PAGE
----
The above image is an aerial of the coastline of San Jose del Cabo in Baja California Sur. Look closely at the parcel of land in the middle of the image. To me, it is one of the most interesting, and emblematic, pieces of land in the whole Los Cabos Corridor. It is a public access point, surrounded by an ever-growing jungle of coastline-blocking tourism resorts. Notice the informal pathways that weave throughout. And the two lines of palapas on the beach. They were created for public use, unlike the large swaths of privatized coastal land, which has been cordoned off to create "exclusive" spaces. And then there's this small bit of land, just sitting there: informal and open. At least, in practice.
I don't really know the official histories of this piece of land. What I know of this place comes from experience. You can enter on the south side. The entrance itself is rough--you have to choose just the right path so you don't bounce around too much in your vehicle. Of course, you can always walk in as well. Many people park on the small access road that runs parallel to the adjacent hotel (on the left side). If you look closely you can see vehicles parked near the entrance (at the top) and down by the beach (looks like there are 3-4 cars there). In the central part of this piece of land, someone runs a business renting horses for tourists to ride on the beach. The first time I saw this place, I was fascinated. And it left me wondering: How did this fragment of the past somehow escape the fate of so much of the surrounding coastal land?
What's hard to see in the above image is the dramatic contrast between this parcel of land and the surrounding resorts. The hotel on the left (to the south) is a massive u-shaped structure that swallows up the viewshed in its effort to capture the coastline for guests. So many little rooms, all facing the ultimate commodity in this area: an ocean view. This is what has transformed the formerly worthless coastlines of Baja California Sur into prime real estate. Thinking about things this way, it's easy to understand why hotels are built the way they are, like massive amphitheaters that open themselves to the blue sea and white sand. These factories of tourism experience are literally built to squeeze every possible dollar out of each bit of land.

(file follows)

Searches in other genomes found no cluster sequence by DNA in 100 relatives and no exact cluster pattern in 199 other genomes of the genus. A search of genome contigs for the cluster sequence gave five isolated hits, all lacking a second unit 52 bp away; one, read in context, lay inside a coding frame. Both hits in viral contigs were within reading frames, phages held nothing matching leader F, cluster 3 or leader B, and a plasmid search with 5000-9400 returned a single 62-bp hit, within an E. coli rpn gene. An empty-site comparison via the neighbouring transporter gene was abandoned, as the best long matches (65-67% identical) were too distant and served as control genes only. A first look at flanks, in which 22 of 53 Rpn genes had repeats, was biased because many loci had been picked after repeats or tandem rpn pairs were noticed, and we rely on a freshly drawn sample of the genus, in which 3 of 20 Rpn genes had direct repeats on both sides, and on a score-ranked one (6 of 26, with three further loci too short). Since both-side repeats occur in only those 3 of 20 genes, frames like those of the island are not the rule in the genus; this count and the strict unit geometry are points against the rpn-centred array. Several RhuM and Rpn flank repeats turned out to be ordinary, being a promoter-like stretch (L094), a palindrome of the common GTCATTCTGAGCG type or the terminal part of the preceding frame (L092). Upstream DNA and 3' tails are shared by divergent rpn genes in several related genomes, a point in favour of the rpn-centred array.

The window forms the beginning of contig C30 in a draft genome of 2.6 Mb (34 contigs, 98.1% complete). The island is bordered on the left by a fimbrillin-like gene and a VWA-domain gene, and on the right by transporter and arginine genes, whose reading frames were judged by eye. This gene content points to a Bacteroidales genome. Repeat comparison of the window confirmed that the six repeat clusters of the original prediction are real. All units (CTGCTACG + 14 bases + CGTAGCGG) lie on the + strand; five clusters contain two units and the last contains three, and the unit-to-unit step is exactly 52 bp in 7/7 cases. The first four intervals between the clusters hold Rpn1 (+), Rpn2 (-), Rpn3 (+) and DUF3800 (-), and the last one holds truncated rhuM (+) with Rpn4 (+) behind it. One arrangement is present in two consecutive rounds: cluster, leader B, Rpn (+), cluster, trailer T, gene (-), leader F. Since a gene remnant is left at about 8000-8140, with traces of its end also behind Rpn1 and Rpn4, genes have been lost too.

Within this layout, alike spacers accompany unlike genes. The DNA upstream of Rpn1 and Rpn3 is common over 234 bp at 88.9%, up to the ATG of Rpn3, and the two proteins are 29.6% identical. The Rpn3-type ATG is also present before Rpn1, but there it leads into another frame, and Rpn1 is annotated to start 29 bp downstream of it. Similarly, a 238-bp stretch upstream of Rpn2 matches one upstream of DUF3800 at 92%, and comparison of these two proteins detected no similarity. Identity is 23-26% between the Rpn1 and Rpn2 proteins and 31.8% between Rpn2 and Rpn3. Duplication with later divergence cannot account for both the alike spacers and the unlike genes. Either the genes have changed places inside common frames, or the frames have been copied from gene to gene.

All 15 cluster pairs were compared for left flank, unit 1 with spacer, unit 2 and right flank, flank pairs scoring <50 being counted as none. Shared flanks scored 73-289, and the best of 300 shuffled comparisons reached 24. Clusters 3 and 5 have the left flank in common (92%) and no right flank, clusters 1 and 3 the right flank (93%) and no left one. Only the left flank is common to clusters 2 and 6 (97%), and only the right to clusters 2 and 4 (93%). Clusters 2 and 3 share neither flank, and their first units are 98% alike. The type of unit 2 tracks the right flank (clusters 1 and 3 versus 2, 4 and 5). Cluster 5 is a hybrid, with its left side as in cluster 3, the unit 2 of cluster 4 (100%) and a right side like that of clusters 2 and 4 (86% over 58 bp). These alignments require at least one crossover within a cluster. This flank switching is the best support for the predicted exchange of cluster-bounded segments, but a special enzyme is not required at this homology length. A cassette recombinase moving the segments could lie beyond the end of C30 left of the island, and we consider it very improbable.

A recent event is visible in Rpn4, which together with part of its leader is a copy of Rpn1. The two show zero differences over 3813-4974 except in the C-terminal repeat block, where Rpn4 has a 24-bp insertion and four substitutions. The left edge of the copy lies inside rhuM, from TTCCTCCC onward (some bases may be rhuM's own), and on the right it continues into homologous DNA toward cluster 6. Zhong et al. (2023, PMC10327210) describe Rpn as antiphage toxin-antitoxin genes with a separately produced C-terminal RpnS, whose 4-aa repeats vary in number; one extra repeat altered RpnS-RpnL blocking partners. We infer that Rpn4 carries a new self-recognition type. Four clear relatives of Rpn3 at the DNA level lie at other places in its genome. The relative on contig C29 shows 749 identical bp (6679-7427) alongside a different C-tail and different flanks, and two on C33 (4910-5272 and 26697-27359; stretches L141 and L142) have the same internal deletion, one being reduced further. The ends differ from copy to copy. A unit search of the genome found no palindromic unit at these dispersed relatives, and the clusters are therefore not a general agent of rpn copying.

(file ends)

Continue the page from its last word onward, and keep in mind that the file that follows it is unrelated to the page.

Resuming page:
Maybe this is why I find that open piece of land so fascinating: it persists. I don't know how or why, but it has survived the geographic, economic, and architectural overlay of large-scale tourism development. Its a remnant, a holdover of the days when the coast of Baja California Sur was part of the "forgotten peninsula" that Joseph Wood Krutch famously wrote about so long ago. Clearly, this place is anything but forgotten these days, as the expanding tourism network attests. The Baja Peninsula is no longer some backwater, some distant place, some geographic unknown. It's on the radar, and year after year more and more people are coming here to live, work, vacation, invest, develop, and shape the landscape. The irony of course is that many travelers found their way to Baja to escape the overdevelopment, crowds, and pollution of places like Las Vegas and Los Angeles. What remains to be seen, however, is whether the forces of development will simply remake the peninsula into another overdeveloped urban blight, or if there's still time--and the political will--to forge another path.
This issue of anthropologies explores some of the many facets of the Baja California peninsula--past and present--through our latest selection of essays. This month we have contributions from Don Laylander, Dawn Pier, Pamela Weiant, Shane Macfarlan, Marissa Shaver, and George Bergin (who has contributed a non-fiction essay and a short fiction story). Since my research is in Baja California Sur, I included one of my recent essays as well. Thanks everyone for taking part. Enjoy, and as always please feel free to post any reactions, thoughts, or comments.